Put 'em Up

We are told that animals will fight over things ‘worth fighting for’ such as food, water, nest sites or mates. These are all demonstratively important resources to the animals involved. We, on the other hand, suffer from ‘big brain syndrome’, and will readily fight over ideologies, especially those that include religion and honor. Of course, that doesn’t preclude us from fighting over resources, just like the all the rest of our cousins out there.

The question to ask, at least I hope that we ask it, is “what is the value of the resource that we are going to fight over?” As you are squaring off, your perception of the value may be incorrect. You perception can change with your recent situation. For example, you might fight over a pile of dollar bills if you were broke, but might not value the pile very highly if you had just won the lottery. And you can see that when it comes to fighting over a potential mate, that the decisions become clouded in the mists of one imagination.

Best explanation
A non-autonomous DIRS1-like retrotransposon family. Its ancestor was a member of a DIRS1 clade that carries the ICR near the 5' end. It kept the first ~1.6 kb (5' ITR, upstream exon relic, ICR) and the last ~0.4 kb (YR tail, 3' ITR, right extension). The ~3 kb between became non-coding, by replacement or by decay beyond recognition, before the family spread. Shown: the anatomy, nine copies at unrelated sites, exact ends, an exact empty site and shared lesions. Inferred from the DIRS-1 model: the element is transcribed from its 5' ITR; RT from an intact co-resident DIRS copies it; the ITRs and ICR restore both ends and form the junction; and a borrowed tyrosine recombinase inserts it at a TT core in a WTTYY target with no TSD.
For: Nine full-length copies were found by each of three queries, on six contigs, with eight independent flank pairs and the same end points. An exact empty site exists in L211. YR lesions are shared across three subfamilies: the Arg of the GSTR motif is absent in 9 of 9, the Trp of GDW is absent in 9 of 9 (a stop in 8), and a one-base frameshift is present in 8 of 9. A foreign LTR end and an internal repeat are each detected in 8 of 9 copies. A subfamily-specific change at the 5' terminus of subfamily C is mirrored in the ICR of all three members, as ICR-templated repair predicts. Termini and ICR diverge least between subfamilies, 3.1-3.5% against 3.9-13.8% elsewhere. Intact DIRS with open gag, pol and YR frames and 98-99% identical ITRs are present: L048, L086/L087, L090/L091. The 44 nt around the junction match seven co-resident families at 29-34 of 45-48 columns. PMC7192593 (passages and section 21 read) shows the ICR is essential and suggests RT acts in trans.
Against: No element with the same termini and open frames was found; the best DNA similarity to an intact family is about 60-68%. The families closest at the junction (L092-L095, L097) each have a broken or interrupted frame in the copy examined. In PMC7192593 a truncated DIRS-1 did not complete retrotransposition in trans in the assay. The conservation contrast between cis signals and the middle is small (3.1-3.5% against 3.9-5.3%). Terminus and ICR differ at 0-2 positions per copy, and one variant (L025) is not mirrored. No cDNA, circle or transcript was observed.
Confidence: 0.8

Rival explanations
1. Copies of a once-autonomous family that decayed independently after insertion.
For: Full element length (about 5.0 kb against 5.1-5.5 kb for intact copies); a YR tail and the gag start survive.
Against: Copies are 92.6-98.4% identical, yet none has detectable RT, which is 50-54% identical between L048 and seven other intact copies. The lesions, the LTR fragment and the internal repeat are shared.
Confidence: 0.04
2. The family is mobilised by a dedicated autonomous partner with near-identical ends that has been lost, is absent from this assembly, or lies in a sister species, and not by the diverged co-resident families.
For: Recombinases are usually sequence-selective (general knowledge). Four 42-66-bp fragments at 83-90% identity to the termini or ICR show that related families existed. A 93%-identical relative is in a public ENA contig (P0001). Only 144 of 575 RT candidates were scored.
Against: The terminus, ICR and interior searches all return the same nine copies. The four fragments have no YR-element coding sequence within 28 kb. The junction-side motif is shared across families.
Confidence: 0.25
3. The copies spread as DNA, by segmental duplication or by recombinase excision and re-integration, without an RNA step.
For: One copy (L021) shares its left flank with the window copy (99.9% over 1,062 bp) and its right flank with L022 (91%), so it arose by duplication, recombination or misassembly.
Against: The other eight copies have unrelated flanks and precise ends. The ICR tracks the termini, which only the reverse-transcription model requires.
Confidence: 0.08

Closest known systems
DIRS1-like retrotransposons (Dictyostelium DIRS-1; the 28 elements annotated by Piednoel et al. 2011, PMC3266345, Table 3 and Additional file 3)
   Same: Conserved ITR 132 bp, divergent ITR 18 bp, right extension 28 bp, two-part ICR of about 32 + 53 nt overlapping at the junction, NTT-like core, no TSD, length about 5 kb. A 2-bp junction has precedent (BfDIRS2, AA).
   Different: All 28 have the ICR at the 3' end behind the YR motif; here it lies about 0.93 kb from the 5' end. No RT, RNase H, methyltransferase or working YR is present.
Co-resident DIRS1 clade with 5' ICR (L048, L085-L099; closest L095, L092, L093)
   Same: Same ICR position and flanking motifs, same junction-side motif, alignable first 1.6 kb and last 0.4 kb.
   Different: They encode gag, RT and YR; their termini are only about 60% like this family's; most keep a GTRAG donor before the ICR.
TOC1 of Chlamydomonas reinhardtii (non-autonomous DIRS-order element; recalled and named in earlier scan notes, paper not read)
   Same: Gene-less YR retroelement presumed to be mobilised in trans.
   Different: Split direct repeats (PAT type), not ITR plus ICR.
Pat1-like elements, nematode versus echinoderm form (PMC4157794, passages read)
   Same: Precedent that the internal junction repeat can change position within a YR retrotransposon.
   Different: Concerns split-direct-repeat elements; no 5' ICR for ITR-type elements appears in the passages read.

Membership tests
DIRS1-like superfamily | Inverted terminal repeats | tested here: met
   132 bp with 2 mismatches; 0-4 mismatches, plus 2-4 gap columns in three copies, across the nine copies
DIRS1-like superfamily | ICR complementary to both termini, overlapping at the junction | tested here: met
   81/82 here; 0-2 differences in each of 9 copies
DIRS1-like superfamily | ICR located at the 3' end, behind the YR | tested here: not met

The Dugatkins from Louisville have just published a study on fighting decisions (1). They use food as the ‘resource’ to be fought over, and instead of have a class of students duking it out over beer and burgers, they used a computer simulation so that the results would be applicable to other species, whether more enlightened or not. They set up the rules to include over or underestimation of the value of the resource as well, as decisions made on a full or empty belly. The results were analyzed on the will to fight, and a random curve ball was thrown in in the form of whether a unit was a winner or a loser.

The key factor in success was the overestimation of the value of the resource. Those units that consistently overvalued the resources at stake, whether hungry or not, fared best in the predicted outcome of the model fights. 

Now I really, really like chocolate chip cookies, so if there is only one left on the plate, look out!

  1. http://www.plosone.org/article/info%3Adoi%2F10.1371%2Fjournal.pone.0019924

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